“Yes, Mitchie, I’m sure you’re right.” Unfortunately, though, deep down, Marsha sincerely doubted it.

___________________________________________________________________

October 17, 1955: Married

Chicago, Illinois

At precisely 10:30 a.m., three cars left the north side of Chicago and drove downtown in caravan.

The lead car, a green 1953 Buick, was driven by Eli Goldman with his wife, Rhea, alongside him.

The second car, a maroon 1954 Buick, was driven by Walter Lipensky with his wife, Myra, as far from him as the seat would allow.

The third car, a gray 1948 DeSoto, was driven by Mitchell Lipensky, with Marsha Goldman, his soon-to-be-wife, practically sitting on his lap.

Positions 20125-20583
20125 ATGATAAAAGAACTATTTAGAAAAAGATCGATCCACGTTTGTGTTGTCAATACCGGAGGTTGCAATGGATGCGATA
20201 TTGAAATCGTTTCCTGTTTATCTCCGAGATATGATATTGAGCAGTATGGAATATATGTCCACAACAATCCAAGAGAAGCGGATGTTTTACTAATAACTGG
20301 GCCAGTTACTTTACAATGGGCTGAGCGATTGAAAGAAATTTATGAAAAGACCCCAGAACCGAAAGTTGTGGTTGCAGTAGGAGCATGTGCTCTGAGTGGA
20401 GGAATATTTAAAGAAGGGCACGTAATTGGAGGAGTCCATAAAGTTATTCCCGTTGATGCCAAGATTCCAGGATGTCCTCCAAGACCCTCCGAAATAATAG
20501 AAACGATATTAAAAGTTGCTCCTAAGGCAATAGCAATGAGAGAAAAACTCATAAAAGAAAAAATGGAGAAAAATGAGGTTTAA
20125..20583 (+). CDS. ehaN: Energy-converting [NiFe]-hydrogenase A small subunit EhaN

Stopping in front of an office building on Wabash Avenue, the three cars waited in a No Parking zone as, running into the building, taking the elevator to the doctor’s office on the fifteenth floor, picking up their blood test certifications, Mitchell rushed back to an elevator, down the fifteen flights to the gray DeSoto…

And the caravan continued.

Parking in a lot across the street from city hall, going into the building, asking directions of an elevator operator, riding to the third floor, the two sets of parents and two young people went into an office where, handing their blood test certifications to a wizened clerk along with five dollars, Mitchell was given a form that Marsha filled out, that both signed. Then, sitting on wooden benches, they waited for twenty minutes, until…

…In a short, civil ceremony, presided over by a judge in a black robe, with both sets of parents as witnesses…